Haus Coffee in the Mission is modern and furnished with minimalist tables and chairs. Beams run from floor to ceiling, wooden like the tables. Patrons, the majority of whom appear overwhelmingly hipster, drink their coffee and eat their four-dollar pastries while writing on small square tables with knotted-wood surfaces, seated in the same kinds of chairs you might find inside an elementary school classroom. Abstract “swirls of color” paintings hipsterfy the otherwise white walls.
#Road Thoughts: Simba on Fell Street
A recurring image comes to mind every time I’m trying to turn onto a street with heavy traffic (particularly on streets like San Francisco’s Fell, where four lanes of cars zoom by incessantly, making merging very difficult).
That image is of little Simba in the Lion King, when he’s surrounded by hyenas and fears being crushed by the stampede of thundering hooves.
Traffic is to San Francisco streets as the Lion King hyenas are to sub saharran Africa.
There just never seems to be a good moment for my car to join the pack; it always feels like I’ll be trampled by oncoming traffic.
“Guys what’s inside these houses?” a passenger asks his friends as we drive past the majestic homes of the Pacific Heights neighborhood.
“Furniture and snobby people,” his friend responds.
“Furniture they don’t sit on,” the third friend adds.
Bigger passenger story: an environmentally conscious bartender on our plastic pandemic
Lisette* enters my car outside the bar she works at in Portrero Hill, hair the color of lilacs swept to the top of her head into a high ponytail. A pack of Red Vines pokes out from her large tan purse.
“We just started using these at the bar, to replace straws,” she says, gesturing to them. “It’s in accordance with a new city-wide ordenance. Helps address the waste problem but not so much our sugar epidemic.”
Smiling back at her, I notice felt honey bees sewn onto her short-sleeved black collared shirt, which she wears tucked into her black work pants.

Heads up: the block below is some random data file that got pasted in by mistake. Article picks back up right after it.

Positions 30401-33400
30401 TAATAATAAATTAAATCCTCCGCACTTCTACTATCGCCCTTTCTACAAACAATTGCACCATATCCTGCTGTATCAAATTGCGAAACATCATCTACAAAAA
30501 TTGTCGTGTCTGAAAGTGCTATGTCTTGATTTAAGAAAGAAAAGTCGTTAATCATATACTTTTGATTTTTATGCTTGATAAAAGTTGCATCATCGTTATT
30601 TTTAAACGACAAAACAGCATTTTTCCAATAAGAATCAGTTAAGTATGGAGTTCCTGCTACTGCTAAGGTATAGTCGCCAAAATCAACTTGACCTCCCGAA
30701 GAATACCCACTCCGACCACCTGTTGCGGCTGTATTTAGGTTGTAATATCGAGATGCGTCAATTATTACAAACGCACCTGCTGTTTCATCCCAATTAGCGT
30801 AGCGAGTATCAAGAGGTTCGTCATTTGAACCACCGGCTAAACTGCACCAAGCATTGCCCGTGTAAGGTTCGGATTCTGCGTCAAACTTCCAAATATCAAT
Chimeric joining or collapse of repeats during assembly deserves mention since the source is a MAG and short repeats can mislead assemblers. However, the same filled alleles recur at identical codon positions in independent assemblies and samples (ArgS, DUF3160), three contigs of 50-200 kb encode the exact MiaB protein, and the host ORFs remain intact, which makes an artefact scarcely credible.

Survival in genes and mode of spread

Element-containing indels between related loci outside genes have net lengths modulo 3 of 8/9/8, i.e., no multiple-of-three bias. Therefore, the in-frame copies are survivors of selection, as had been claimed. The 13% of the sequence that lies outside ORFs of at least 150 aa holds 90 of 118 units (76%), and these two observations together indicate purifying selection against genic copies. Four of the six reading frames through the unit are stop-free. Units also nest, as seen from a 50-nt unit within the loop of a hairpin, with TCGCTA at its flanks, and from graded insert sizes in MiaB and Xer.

Lisette’s feelings about the ordinance are mixed. On the one hand, she appreciates its intent; on the other, she’s cognizant of the harm it may cause to certain communities.
“I think people with disabilities who need regular straws to drink should be an exception. Or what if they’re diabetic? What if they just don’t like licorice?” she laughs.
From there we get to talking about waste, recycling, and our planet in general.
“There are way more things than just straws contributing to environmental degradation. That we could all be more aware of and cut down on,” she says with conviction in her voice. “Paper coffee cups. Plastic take-out containers. Plastic bags.“
I agree with her, and recall out loud my experiences living in Uruguay a few years back, where the plastic bag problem seemed even more out of hand.
“At a lot of places even a single cookie was wrapped in all this paper, then placed in an entire large plastic bag,” I say to her.
Incredulous, she comments that this would drive her insane.
“I know. It bothered me enough that I even wrote a letter to their paper El Pais about it, and—ironically I guess, now that I look back on it— handed out small slips of paper to pastry shops around the neighborhood, encouraging them to cut back,” I say.